Alaphilippe and Pinot light up the home fans by shaking Brit team’s dominance
The French are calling it the ‘Tour à la Alaf ’, giving a nod to the wholly unexpected victory taken by Roger Walkowiak in 1956, with Julian Alaphilippe evidently cast in the role of the unheralded home performer who upsets the established order. For most, though, it is the least predictable and thrilling Tour de France for more than a generation. “We’ve definitely moved away from the model of past years, where you have one very dominant team with a dominant rider strangling the race. So, it’s super interesting,” said Charly Wegelius before the start of the Limoux-Prat d’Albis stage, which offered more support for the EF Education First team director’s assessment.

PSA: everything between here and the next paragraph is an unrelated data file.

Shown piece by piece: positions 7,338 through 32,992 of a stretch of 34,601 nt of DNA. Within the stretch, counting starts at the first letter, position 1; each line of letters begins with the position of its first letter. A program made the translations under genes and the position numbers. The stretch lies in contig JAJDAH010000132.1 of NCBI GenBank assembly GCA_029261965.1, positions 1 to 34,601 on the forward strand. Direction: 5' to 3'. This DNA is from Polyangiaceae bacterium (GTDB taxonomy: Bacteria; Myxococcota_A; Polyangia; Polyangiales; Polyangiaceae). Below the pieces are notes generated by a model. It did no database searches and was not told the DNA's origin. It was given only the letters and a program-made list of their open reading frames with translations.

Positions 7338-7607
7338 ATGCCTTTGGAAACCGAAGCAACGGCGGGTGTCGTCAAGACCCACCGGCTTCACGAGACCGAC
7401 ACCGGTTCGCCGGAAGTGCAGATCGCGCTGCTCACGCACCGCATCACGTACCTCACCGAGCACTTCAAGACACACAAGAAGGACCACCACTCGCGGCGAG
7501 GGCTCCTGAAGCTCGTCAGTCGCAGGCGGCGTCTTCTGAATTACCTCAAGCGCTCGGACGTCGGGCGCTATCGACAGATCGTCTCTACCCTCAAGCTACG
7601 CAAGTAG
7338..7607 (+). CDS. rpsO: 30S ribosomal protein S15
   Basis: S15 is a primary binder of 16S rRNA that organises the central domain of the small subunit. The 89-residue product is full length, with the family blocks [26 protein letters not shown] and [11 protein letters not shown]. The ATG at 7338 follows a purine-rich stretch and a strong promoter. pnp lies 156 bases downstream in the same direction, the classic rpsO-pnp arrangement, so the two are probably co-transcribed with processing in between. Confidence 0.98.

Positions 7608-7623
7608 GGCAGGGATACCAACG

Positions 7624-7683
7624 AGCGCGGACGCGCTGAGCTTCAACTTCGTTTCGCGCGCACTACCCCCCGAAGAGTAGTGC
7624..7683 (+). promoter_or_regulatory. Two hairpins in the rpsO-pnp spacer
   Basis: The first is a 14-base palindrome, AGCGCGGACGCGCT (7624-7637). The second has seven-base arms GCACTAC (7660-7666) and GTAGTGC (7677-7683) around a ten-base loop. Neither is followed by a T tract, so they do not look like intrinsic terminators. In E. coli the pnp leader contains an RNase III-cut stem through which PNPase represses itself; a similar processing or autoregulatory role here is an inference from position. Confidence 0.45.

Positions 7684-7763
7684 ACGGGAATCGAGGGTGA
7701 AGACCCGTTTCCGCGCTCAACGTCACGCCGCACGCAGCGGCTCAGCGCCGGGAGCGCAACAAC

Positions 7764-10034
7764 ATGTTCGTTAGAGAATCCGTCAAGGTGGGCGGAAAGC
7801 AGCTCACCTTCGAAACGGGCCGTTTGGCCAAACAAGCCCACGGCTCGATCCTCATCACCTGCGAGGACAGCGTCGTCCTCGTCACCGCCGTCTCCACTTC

That one team is, of course, Ineos, favourites for a seventh title in eight seasons, but rattled as they’ve never been before as the race moved towards its high-altitude finale in the Alps. Speaking before the Pyrenees, Ineos team director Nicolas Portal foresaw a scenario where the GC contenders would attempt to gain time on each other during the opening passage in the high mountains and then defend their position in the Alps. The French DS was right to a point. But after as theyellow jersey favourites went at each other all guns blazing at the summit finishes on the Tourmalet and Prat d’Albis, the gaps between them narrowed instead of increased. Alaphilippe stood firm at the head of the classification, although he looked a little wobbly after that second test, while not far behind him a handful of rivals covered by just 39 seconds awaited their next opportunity to attack him.
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July 25, 2019